Q1. Is there a phrase to describe something that is formed or done in response to conditions or circumstances, but which continues after those conditions or circumstance are no longer applicable?

Q2. If there is not a common English phrase for this, is there any technical term (e.g., from physics) that might have metaphorical value (i.e., in the way the mathematical term ‘asymptotic’ is sometimes used to describe chasing something but never catching it)?

Examples of what I am trying to describe:

  • ‘It is the same with God: even when we no longer believe, we continue to believe that we believe.’ — Jean Baudrillard, The Gulf War did not take place
  • The moment in a lava lamp where a blob breaks off from the base and floats away on its own.
  • Oxfam formed as the Oxford Committee for Famine Relief in response to a famine in Nazi-occupied Greece, but continues today
  • A police force formed along the line of 'the police being only members of the public who are paid to give full-time attention to duties which are incumbent on every citizen', but which have become so large, powerful and specialised to the point that they become distinct from the average citizenry.
  • (controversially) Continued adherence to traditional religious cosmologies and folk remedies in the light of more convincing explanations and efficacious treatments (i.e., hewing to pre-scientific methods).

Terms that I don't think quite apply:

  • ‘archaic’ - just because something is old-fashioned doesn't mean its original context doesn't apply
  • ‘outdated’ - close, but I don't think it fully captures the idea of something being untethered from its cause of origin
  • ‘zombie’ - seems too negative, and could also just refer to an organisation acting zombielike (i.e., not thinking)
  • ‘mission creep’ - I think that what I'm after is a subset of mission creep, but that that term itself does not imply the loss of original conditions on its own.
  • 3
    vestigial? Nov 6, 2019 at 13:01
  • orphaned? spin off? repurposed? Nov 6, 2019 at 13:58
  • @FumbleFingers ‘Vestigial’ is perhaps closest to what I'm after.
    – 08915bfe02
    Nov 6, 2019 at 14:14
  • 1
    Residual, like something left by a flood that has come and gone.
    – user205876
    Nov 10, 2019 at 13:50
  • 1
    Little Annie asks her sister why they cut the ends off the sausages. Big sis says we've always done that, let's ask mom. Mom says we've always done that since I was a girl, let's ask nana. Nana says good grief, you aren't still using that tiny pot, are you?
    – Phil Sweet
    Nov 10, 2019 at 20:42

4 Answers 4


While searching, I made notes, and I figured I might as well leave them since you seem to be looking for synonyms that are appropriate within a certain context:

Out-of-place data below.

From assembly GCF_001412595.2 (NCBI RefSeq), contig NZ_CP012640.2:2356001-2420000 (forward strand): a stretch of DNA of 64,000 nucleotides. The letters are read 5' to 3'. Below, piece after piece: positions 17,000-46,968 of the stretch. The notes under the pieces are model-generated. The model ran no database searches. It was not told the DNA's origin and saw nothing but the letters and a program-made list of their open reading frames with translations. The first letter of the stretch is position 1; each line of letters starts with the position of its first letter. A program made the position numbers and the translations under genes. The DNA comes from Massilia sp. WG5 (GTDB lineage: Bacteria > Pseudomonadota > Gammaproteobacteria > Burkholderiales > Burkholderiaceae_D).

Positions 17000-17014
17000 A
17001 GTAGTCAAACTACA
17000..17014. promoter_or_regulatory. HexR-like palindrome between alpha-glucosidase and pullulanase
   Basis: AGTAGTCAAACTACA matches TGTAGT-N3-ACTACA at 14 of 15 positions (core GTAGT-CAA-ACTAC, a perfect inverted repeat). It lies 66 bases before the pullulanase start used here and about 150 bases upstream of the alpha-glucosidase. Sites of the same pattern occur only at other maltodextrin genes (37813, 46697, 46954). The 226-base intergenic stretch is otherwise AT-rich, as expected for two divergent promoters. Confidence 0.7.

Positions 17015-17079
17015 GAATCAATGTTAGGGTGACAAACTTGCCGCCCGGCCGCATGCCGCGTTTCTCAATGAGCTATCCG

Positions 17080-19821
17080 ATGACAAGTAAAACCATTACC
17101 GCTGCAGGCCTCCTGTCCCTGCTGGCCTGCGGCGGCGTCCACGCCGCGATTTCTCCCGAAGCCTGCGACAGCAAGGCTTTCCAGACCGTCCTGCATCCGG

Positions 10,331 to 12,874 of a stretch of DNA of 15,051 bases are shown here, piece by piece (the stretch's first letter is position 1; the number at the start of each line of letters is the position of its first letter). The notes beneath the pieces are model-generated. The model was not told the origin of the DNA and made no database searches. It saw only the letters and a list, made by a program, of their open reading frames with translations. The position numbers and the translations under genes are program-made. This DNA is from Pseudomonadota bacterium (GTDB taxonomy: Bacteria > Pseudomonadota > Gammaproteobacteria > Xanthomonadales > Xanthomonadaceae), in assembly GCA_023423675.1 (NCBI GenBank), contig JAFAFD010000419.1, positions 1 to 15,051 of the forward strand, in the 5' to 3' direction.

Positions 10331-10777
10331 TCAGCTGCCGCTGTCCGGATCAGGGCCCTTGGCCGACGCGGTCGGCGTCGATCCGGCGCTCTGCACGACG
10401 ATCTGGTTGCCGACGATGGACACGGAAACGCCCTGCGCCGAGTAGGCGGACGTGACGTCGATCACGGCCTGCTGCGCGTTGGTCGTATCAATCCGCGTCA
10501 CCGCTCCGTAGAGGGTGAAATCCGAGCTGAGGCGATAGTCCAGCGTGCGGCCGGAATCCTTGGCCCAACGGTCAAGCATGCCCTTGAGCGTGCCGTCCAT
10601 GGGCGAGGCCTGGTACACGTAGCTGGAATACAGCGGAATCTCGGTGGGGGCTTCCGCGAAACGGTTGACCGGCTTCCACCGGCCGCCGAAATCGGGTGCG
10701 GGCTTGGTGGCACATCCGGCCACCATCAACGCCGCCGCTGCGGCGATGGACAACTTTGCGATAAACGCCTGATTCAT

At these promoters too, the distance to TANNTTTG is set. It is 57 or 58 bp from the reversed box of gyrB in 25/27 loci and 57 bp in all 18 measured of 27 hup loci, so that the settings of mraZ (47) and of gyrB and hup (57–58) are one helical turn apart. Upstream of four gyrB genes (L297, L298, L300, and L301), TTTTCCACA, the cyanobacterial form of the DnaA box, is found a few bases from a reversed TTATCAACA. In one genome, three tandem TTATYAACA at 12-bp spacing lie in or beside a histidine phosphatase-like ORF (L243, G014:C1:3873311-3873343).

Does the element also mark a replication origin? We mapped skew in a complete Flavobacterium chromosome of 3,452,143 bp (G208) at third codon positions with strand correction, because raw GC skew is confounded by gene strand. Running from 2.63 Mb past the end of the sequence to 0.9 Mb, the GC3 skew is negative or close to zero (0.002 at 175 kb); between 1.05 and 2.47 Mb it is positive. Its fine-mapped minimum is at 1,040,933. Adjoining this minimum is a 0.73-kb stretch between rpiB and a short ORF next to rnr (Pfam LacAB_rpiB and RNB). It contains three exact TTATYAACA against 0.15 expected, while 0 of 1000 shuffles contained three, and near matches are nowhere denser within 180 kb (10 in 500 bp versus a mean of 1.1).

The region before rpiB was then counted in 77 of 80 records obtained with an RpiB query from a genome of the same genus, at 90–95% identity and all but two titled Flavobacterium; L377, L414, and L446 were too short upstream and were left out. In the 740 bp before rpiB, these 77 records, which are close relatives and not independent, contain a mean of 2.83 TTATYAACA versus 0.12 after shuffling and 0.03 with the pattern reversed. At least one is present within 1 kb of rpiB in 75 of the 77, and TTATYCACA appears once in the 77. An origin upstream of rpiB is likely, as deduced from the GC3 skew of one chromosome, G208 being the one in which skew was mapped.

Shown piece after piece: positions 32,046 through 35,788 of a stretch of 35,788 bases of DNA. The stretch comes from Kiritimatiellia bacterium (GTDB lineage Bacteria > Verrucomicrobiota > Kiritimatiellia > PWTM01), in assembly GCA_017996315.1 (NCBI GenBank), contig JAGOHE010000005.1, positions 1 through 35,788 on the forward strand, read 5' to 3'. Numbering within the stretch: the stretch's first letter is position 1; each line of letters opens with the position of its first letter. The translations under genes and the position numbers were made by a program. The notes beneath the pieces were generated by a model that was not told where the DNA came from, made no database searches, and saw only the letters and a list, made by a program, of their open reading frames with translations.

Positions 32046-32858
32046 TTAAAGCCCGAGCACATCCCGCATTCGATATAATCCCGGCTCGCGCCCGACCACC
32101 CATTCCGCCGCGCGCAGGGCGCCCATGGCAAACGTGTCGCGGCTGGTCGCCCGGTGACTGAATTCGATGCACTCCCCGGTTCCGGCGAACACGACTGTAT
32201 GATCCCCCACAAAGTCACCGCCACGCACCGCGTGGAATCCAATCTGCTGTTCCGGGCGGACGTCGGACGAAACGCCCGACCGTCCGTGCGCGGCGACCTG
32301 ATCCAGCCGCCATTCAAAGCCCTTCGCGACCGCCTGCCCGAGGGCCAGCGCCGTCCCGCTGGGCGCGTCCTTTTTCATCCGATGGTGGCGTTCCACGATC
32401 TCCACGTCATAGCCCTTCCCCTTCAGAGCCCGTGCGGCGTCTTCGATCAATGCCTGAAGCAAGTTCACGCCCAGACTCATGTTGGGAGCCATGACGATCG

• Persistent, lingering and unremitting are somewhat decent candidates, but they don't necessarily imply the cause has disappeared.

  • Inexorable emphasises the impossibility of it stopping, but still says nothing about the cause.

  • Inveterate could be what you are looking for, but is used mostly in a medical sense, pertaining to addictions, illnesses, or diseases (similar to chronic).

  • I think entrenched might be closest to what you're looking for:

    to firmly establish something, especially an idea or a problem, so that it cannot be changed


In IT we use the word legacy to describe software or hardware which is still in use but, in terms of technology or modern practice, is otherwise considered obsolete. It is still performing its original purpose and often would be too expensive to replace with a more modern solution, although it was a reasonable solution considering the conditions and technology at the time.

In computing, a legacy system is an old method, technology, computer system, or application program, "of, relating to, or being a previous or outdated computer system," yet still in use. Wikipedia - Legacy System


I will propose ‘Goodharted’ as an option, after Goodhart's law:

When a measure becomes a target, it ceases to be a good measure.

i.e., a measure implementened to track a particular feature becomes a target, continuing to be tracked but no longer measuring the same thing as initially.


In answer to the title of the question, as well as one sense of most of the body of the question, the adjective used to describe such a thing is self-sufficient:

1 : able to maintain oneself or itself without outside aid : capable of providing for one's own needs

// a self-sufficient farm

In short, its continued existence is no longer based on those things that were required to bring it into being—and it is able to now maintain an independent existence.

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